Being in Kyiv now almost feels like normal, she said, except for air sirens going off every now and then and the still-lingering fear of being bombed. “But, if you look at my hometown Kherson,”  she continued, “it is now called ‘a place of quiet terror.’” The city has been occupied by Russians from the early days of the war. Life there, Ms. Kosianets reiterated, is miserable. Food and medicine are in short supply, as are other basic supplies. People are being tortured and kidnapped by Russians just for being pro-Ukrainian. She told me about a close friend of hers who was taken from her home on her birthday in May. Her whereabouts are still unknown. Kosianets herself said she just got permission to relocate her family members to the U.S.

The core team behind the Kyiv Tech Summit hackathon is diverse. Four members are Ukrainians. The two other key organizers are from England and the U.S. All either have friends or family still in Ukraine. Other active organizers include Rev Miller of  Unchain Fund; CJ Hetherington, a co-founder of the metaverse Atlantis World; Alona Shevchenko a co-founder of Ukraine DAO; Tyler Morrey, co-founder of pieFi; and Nadiia Yakubets, head of communications at Unchain Fund. Links to the team as well as the event’s sponsors can be found on its website.

The organizers report that 140+ hackers have already signed up. Sponsoring organizations include NEAR, Aurora, Celo, Aragon, Consensys Academy, NYM, Aave Grants DAO, ZKX, Coindesk, Incrypted, Cointelegraph, ForkLog, and the Blockchain Association of Ukraine. Organizers are also working with media and documentary filmmakers to document this historic hackathon, which whould cement Ukraine’s potential in the Web3 world. (Netflix and ETH film crews both are planning to film the event!)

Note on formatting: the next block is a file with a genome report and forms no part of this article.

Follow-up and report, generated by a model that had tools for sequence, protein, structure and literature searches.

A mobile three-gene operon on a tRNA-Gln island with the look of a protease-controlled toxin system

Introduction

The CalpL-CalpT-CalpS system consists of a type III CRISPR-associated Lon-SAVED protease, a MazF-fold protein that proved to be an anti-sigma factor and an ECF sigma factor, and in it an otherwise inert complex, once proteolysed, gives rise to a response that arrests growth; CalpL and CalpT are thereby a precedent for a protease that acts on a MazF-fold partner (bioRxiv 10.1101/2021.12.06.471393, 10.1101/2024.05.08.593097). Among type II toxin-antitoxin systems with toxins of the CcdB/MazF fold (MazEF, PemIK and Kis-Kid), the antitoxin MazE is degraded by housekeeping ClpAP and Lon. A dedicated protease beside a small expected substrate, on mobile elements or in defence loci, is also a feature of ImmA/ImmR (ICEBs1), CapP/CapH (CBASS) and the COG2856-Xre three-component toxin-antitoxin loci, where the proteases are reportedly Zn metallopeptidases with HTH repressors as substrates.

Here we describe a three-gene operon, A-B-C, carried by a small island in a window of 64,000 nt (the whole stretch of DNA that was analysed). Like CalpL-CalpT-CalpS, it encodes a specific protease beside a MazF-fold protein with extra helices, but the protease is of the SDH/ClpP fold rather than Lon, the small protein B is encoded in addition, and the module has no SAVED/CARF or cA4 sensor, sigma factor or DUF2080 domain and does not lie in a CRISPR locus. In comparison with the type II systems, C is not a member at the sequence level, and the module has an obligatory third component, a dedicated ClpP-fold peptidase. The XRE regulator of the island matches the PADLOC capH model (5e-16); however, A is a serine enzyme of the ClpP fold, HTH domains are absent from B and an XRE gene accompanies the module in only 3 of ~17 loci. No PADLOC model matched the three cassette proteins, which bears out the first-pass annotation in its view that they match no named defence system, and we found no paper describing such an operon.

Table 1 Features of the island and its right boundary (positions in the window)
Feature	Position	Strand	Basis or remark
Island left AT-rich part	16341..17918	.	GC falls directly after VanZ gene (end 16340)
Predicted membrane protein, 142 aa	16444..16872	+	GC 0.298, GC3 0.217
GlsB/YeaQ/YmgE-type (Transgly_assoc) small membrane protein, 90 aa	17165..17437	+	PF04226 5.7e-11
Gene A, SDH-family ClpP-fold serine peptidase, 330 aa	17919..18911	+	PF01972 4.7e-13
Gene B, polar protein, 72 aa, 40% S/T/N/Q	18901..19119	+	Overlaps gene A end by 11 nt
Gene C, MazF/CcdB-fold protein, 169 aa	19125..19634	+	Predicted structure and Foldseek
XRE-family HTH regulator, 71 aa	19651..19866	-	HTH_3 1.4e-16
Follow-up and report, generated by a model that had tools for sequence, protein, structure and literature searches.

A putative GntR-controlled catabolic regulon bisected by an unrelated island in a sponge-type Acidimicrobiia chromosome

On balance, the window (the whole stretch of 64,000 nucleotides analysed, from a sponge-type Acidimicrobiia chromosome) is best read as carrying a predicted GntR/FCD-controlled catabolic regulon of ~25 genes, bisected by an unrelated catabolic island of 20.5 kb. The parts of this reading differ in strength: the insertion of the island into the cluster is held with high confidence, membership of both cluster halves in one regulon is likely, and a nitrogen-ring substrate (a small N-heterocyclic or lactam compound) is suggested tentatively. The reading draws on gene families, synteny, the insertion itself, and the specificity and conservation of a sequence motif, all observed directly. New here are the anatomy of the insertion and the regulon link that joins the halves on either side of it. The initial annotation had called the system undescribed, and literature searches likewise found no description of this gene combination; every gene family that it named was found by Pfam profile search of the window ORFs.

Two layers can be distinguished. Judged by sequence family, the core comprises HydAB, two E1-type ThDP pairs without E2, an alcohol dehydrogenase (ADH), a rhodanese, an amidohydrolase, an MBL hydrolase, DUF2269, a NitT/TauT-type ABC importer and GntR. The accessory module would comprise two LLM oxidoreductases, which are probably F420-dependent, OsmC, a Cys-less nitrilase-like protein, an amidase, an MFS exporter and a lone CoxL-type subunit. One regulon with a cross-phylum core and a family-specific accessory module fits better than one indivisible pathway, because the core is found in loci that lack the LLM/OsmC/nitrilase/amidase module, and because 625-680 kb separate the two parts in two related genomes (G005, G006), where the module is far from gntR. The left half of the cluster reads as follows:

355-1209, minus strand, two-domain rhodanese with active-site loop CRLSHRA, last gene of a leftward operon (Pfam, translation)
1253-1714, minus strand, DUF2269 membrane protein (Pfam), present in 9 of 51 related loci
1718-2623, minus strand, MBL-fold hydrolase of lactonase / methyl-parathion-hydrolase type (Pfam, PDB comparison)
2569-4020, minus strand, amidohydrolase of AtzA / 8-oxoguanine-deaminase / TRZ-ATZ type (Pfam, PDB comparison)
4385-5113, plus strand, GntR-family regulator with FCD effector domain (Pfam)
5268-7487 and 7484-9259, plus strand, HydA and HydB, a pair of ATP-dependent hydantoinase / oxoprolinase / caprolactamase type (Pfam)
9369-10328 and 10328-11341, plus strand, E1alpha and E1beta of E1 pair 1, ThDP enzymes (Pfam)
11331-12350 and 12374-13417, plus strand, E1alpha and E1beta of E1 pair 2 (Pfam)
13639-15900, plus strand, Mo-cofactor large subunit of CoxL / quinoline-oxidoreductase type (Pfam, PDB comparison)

Ukraine is Rich in Tech

Ukraine stands 4th among the most educated nations in the world. Over 99.7% of Ukrainians are literate. Today in Ukraine there are 198 universities, 62 academies, 83 institutes, 245 colleges, 97 technical schools, 117 specialized schools, and 1 conservatory. Six Ukrainian universities are listed in the international ranking “QS World University Rankings”. Russia also enjoys a high quality of education, though many studies find Russia falls short in innovation and modernization.

Ukraine also has its fair share of successful startups. Each year Ukrainians patent somewhere between 10,000 and 15,000 inventions and ideas. Founders of such companies as PayPal (Max Levchin) and WhatsApp (Jan Koum) were born and raised in Ukraine. Zelensky himself has appeared at events as a hologram, emphasizing the importance of tech in getting out information from Ukraine.

How can we help?  Spread the news about The Kyiv Tech Summit. There are still opportunities for sponsorships and collaborations. Partner with them as media or tech partners.  Mentor the hackathon entrants. Offer to judge the events. Whatever you can contribute. It all starts with this form.  And hackers can still registerThe event comes right after Ukraine celebrated its Independence Day August 24th. There’s something appropriate about that.

Official Links: Website | Twitter  |  Telegram | Discord |  We’ll report back on the winners.